State Sen. Marlon Kimpson says he’ll introduce legislation to do the following in the wake of the Emanuel AME massacre and other recent mass shootings:
▪ Close a three-day loophole that allows some S.C. gun purchasers to buy and take home a gun before a background check has been completed. That rule, and errors in the federal background-checking system, allowed alleged Charleston church shooter Dylann Roof to buy a gun.
▪ Require background checks to be conducted through the State Law Enforcement Division and the federal system before a gun sale can be completed
▪ Ban assault weapons, defined as semi-automatic firearms designed and configured for rapid fire
▪ Require reporting of lost or stolen guns
▪ Require state registration and permitting of all guns…
In response to Senate Judiciary Chairman Larry Martin’s statement that there is “no appetite” in the State House for gun control legislation — which you had probably guessed already — Sen. Kimpson “said the Charleston church shootings, which killed nine African-Americans including a state senator, ‘opened people’s minds to doing things in the State House that have never been done before.'”
Which is true enough. Whether that applies to this, however, remains to be seen.
On the same day that I read that, I received a graphic from someone with a blog called CrimeWire, urging me to share it.
Actually it doesn’t tell me a lot I didn’t know, but I share it for those of you who like infographics. It’s lighter on numbers than most such efforts. For instance, I doubt many minds will be changed by such an assertion as, “The Harvard Injury Control Research Center found that there’s substantial evidence that indicates more guns means more murders.” Oh, yeah, says Jim Bob, sittin’ with the boys around the cracker barrel. I bet they’s a heap o’ hunters up at the Harvard Injury Control Research Center.
For those who prefer text, the facts in the graphic seem to have come from a Washington Post story, headlined “11 essential facts about guns and mass shootings in the United States,” that ran the morning after the Charleston shootings.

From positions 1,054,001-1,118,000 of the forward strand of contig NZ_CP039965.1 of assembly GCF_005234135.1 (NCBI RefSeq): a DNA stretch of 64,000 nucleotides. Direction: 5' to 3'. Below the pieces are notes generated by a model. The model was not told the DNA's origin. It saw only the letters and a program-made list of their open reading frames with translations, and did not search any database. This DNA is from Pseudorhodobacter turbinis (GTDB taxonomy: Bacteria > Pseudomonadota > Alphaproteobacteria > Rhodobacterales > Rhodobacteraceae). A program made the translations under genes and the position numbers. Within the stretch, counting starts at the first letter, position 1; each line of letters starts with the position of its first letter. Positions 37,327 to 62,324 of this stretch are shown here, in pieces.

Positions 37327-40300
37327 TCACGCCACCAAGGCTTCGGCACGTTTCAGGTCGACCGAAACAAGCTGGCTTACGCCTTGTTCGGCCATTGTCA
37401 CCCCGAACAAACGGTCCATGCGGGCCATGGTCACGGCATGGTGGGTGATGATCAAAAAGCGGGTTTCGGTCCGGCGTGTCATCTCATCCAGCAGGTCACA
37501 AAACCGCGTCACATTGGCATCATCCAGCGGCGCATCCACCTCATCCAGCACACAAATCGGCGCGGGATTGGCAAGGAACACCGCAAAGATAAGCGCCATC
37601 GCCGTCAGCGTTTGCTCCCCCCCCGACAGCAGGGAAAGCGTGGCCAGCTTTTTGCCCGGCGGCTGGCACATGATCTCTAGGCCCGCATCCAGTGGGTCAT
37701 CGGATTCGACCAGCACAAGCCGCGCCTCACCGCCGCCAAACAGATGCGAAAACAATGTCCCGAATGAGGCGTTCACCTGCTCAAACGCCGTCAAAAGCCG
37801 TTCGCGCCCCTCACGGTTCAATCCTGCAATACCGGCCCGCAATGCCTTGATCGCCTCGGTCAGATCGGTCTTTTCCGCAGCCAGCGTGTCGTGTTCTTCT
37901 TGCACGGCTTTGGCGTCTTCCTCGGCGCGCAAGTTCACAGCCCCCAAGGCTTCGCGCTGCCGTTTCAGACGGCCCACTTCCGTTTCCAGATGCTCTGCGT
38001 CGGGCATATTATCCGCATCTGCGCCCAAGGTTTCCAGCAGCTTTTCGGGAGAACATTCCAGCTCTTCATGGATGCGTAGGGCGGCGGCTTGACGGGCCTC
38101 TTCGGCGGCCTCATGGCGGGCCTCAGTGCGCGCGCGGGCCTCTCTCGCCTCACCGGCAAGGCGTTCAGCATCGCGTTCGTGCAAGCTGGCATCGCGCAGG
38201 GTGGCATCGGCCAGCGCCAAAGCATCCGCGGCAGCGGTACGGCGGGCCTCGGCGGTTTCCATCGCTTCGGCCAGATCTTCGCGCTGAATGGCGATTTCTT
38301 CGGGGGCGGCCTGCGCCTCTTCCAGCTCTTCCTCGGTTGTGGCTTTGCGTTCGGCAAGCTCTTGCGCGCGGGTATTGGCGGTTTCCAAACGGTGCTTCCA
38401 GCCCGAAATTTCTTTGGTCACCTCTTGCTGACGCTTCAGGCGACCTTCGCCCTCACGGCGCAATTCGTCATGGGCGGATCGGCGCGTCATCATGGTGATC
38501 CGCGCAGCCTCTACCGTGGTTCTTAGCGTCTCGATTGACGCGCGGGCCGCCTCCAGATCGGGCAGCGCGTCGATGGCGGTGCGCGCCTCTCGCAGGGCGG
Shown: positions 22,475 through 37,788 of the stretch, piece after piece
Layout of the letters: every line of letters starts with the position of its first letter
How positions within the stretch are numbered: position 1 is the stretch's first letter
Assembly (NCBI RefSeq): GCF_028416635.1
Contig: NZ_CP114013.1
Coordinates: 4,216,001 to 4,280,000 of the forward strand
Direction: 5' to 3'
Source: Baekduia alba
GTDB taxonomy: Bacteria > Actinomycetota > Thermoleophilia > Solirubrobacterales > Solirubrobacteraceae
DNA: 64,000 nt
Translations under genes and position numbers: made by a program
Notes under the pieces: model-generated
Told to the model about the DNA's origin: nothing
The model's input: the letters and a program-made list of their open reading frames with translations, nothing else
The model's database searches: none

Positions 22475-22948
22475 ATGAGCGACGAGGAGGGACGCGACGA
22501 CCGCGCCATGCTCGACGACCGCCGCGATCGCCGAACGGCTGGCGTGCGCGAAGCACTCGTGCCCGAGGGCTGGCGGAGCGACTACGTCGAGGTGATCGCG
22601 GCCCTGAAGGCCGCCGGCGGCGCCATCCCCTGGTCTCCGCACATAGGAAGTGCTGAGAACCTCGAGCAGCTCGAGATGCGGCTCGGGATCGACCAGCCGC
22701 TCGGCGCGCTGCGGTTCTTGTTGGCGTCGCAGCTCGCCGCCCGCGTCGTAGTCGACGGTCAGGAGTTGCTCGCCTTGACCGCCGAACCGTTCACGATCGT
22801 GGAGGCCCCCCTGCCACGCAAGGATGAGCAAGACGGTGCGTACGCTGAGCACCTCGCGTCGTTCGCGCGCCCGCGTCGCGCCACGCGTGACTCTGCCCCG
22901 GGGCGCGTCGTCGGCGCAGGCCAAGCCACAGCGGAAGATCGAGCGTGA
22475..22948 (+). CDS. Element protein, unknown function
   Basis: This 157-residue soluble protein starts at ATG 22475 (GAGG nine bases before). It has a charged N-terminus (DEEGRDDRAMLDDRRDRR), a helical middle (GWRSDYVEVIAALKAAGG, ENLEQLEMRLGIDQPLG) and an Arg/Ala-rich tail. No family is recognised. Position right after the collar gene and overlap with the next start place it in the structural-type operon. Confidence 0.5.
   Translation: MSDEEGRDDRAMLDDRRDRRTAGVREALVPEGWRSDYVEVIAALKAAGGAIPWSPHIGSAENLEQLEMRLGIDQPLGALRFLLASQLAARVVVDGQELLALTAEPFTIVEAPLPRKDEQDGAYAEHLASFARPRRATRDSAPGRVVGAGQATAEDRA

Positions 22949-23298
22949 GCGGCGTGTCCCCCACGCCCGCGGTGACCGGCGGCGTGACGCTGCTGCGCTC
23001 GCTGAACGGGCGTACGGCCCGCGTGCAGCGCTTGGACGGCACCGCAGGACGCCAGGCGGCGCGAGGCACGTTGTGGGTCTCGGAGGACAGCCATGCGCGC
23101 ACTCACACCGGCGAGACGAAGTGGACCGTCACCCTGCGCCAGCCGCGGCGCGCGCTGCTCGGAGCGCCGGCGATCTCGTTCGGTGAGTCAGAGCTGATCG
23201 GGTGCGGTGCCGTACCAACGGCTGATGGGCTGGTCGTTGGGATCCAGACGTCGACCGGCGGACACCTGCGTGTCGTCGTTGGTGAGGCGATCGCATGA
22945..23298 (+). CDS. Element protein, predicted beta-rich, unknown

As for my own views… As I’ve stated before, I think the problem in America is just that too many guns exist. Everybody talks about the rights of individual gun owners, but I don’t really look at who owns the guns. Ownership is something that can change easily, through burglary for instance. There are just too many of them in existence, and it’s inevitable that some of them will be in the hands of the wrong people at the wrong time.
It’s an economic problem: Too many violent people chasing too many guns.
But while I feel like I diagnose the problem correctly, I have no idea what to do about it. I just don’t see a solution. We are so far down this road, and nothing but the mass destruction of the overwhelming majority of guns that exist would back us up. And there are far too many Americans who adamantly oppose taking a single step back. I don’t see that changing.
So I’m not terribly hopeful that any legislation I’ve seen or heard of would have a chance of significantly reducing gun violence. Anything that passes constitutional muster just tinkers with the technicalities of how guns change hands and move around.
Oh, and before the more dedicated advocates for the 2nd Amendment start hollering, “Brad’s gonna round up all your guns and destroy them,” allow me to clarify: That is NOT gonna happen. Not in this country. No one can MAKE it happen. It’s a political impossibility. So stay cool. I only mention this to underline the fact that I see no workable solution to the problem of Too Many Guns.
I usually don’t say “I give up” on an issue. I usually try to suggest a solution. But I just don’t know where to go on this.